Death of England

Clint Dyer and Roy Williams (2020)

Michael stands on stage, wedged between his father’s coffin and the audience, and delivers a (drunken?) eulogy of the late legend. However, it doesn’t take him long before he’s berating the audience, challenging them and himself about his father’s toxic views in life and how they reflect a post-Brexit England in an identity crisis. Rafe Spall brought Michael to life in the original production with unmatched fervour. Later in 2020, the writers created and released a companion piece Death of England: Delroy that acted as a response to the first. It is an equally powerful example of a one-person play.

Fires in the Mirror

Anna Deavere Smith (1992)

Fires in the Mirror consists of a collection of monologues taken from transcripts of real people, collated and arranged by Anna Deavere Smith, concerning the Crown Heights Riots in Brooklyn, NY in the summer of 1991. It is considered a pioneering work in verbatim theatre, a genre which would give rise to some contemporary classics such as The Laramie Project and Yellow Face. Performed originally by Smith herself, the actor speaks the real verbatim words of the African-American and Jewish residents of the neighbourhood of Crown Heights, as well as various leading public figures—so the casting, here, is critical. If you’re interested in verbatim theatre, Fires in the Mirror is a fantastic place to start. Smith has written several other brilliant one woman shows; another one worth your time is 2016’s Notes from the Field.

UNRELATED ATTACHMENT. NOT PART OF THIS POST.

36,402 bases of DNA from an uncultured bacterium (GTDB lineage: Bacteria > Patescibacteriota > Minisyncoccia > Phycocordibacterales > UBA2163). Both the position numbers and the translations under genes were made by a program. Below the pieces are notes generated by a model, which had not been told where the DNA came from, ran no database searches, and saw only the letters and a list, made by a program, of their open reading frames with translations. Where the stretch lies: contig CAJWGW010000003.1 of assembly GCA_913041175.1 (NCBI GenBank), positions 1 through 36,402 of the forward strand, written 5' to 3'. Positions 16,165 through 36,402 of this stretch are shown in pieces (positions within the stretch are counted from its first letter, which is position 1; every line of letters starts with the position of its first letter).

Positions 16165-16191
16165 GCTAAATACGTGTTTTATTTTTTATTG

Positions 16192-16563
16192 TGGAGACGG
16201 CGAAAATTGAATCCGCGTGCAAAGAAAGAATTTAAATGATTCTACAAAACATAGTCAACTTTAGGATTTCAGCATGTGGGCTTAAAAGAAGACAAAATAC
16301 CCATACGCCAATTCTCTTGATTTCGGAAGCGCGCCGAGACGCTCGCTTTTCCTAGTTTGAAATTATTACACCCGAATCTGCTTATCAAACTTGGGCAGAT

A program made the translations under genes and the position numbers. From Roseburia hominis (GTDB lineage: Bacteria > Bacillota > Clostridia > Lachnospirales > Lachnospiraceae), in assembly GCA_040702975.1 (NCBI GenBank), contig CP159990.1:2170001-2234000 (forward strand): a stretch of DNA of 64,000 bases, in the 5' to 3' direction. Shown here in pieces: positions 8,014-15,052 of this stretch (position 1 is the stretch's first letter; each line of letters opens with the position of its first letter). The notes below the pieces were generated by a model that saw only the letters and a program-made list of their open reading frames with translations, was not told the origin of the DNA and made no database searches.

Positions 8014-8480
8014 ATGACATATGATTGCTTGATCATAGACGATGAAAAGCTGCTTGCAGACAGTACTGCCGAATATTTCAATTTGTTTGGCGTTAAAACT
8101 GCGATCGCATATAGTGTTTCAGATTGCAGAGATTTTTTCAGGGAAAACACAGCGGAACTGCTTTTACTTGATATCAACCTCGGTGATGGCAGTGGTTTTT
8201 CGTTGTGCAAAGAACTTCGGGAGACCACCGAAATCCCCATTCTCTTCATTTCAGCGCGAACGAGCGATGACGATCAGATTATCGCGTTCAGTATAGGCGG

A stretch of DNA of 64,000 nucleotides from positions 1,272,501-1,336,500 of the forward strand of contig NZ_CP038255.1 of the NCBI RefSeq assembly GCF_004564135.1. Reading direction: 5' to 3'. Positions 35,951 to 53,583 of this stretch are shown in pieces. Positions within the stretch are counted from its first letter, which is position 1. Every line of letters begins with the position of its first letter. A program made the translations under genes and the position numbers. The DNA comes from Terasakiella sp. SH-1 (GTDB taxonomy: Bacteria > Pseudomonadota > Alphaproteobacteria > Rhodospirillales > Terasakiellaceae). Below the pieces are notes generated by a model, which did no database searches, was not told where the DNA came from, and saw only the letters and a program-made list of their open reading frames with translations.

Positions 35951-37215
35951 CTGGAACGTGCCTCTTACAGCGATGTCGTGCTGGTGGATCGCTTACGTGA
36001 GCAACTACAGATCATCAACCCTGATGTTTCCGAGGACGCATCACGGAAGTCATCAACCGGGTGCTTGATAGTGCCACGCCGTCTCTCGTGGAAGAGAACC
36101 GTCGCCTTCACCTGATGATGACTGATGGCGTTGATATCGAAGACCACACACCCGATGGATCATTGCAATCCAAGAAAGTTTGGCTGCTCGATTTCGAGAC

A Room of One’s Own

Virginia Woolf (1929)

“A woman must have money and a room of her own if she is to write fiction…” Strictly speaking, in its original form, A Room of One’s Own was formed out of a series of iconic feminist lectures given by Woolf at two women’s colleges at Cambridge in 1928. First lecture-performance, then essay-novella, it has been adapted in various forms for the stage since: sometimes as a piece for several actors, sometimes as a one-woman show. A fierce polemic call for women’s autonomy in the male-dominated world of literature and art, A Room of One’s Own is one of the 20th century’s most important feminist works, making it perfect fodder for the contemporary stage. Eileen Atkin’s performance of the work in 1991 will be etched forever on theatre’s honour board.

The Vagina Monologues

Eve Ensler (1996)